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Tax Consequences of Forgiven Debt

TAX CONSEQUENCES OF FORGIVEN DEBT

                I am not a tax attorney nor am I an accountant and I do not hold myself out as either, but the issue of the consequences of forgiven debt is often a topic raised by my bankruptcy clients.

Debts discharged in a bankruptcy case do not result in tax consequences.  However, if you avoid filing bankruptcy because you were able to successfully negotiate a settlement with a creditor to pay a lesser amount or you lost a home to foreclosure, personal property to repossession or you defaulted on credit card debt, you may have been “forgiven” a debt.

Forgiven debt is considered to be income by the Internal Revenue Service (IRS).  The result may be you owe the IRS more taxes because of the forgiven debt.  The reason this happens is because the IRS is counting the forgiven debt as income to you!

A financial institution, bank, credit union, credit card company or government agency that forgives or writes off a debt that you owe that that is more than $600.00 of the debt’s principal is required to send you and the IRS a 1099C form in January of the coming year.  A 1099C form is an income reporting form that is to be used in reporting income on your tax return and you must pay tax on that forgiven debt “income.”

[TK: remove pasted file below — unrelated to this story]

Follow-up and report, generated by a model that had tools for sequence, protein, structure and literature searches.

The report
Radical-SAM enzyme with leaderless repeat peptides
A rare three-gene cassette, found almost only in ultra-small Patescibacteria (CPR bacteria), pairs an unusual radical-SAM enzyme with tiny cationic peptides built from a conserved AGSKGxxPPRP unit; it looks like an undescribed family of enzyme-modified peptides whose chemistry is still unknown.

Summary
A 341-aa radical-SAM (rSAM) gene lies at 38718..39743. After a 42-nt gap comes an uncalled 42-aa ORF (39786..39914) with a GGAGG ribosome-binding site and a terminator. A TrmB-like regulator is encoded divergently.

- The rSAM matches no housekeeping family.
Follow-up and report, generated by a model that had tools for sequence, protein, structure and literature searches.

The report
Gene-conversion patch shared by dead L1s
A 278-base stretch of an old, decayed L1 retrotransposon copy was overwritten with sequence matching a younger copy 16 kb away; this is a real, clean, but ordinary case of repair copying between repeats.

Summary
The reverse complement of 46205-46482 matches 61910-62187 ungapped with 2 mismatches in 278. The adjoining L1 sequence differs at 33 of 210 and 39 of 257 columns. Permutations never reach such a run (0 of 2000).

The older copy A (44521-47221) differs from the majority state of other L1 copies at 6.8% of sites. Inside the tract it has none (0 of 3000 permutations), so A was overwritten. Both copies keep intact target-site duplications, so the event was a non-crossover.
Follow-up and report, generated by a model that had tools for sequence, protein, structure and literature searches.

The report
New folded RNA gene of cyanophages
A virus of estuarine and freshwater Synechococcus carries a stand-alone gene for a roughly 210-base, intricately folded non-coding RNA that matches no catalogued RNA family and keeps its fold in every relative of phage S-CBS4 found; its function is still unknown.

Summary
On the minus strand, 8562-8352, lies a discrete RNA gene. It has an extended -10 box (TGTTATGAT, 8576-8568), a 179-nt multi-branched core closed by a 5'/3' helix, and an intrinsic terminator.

Even if you get a 1099C form from a creditor you may not have to report the forgiven debt as income, there are some exceptions.  If you lost your primary residence to foreclosure and the mortgage was to buy, build or restore the home and the “forgiveness” of the debt took place between 2007 and 2012.  There is a mortgage exception that will help you.  There are limits on the exception to balances of less than 2 million dollars.  Be sure to see a qualified Certified Public Accountant (CPA) in the preparation of your taxes when faces with forgiven debt.

There are other exceptions including student loans cancelled because you worked in a particular profession for a particular employer as required when you took the loan and your diligence resulted in the cancellation (see IRS Publication 525).  Another exception exists for forgiven debt that would have been deductible on your tax return if you paid it.  Still another exception exists if the debt was forgiven as a gift to you (this would be a rather unlikely situation).

There may in fact be some additional exceptions that a good CPA may find and in any event, the additional forgiven income is only one small component of your overall tax liability when doing your taxes.  In fact taxes on forgiven debt are not owed if you were insolvent before the debt was forgiven.  Insolvency may mean different things to the IRS than it does to you, so again, use the services of a competent CPA when preparing your tax return requires that you deal with income in the form of forgiven debt.

If you are in foreclosure or contemplating the “short sale” of a property, see a bankruptcy attorney before the foreclosure or short sale are complete.  A completed foreclosure or short sale may result in a non-dischargeable tax debt for forgiven debt that the filing of a bankruptcy case may have wholly avoided!  Most bankruptcy attorneys will charge you NOTHING for the consult – do not wait.

If you receive a 1099C form from a creditor, you will need to complete IRS Form 982 if you are claiming an exemption applies in your case.  The form can be complicated and claiming the insolvency exception may be tricky.  Remember my entreaty above – uses the services of a competent CPA to prepare your taxes if you receive a 1099C form from a creditor for forgiven debt

Bruce C. Truesdale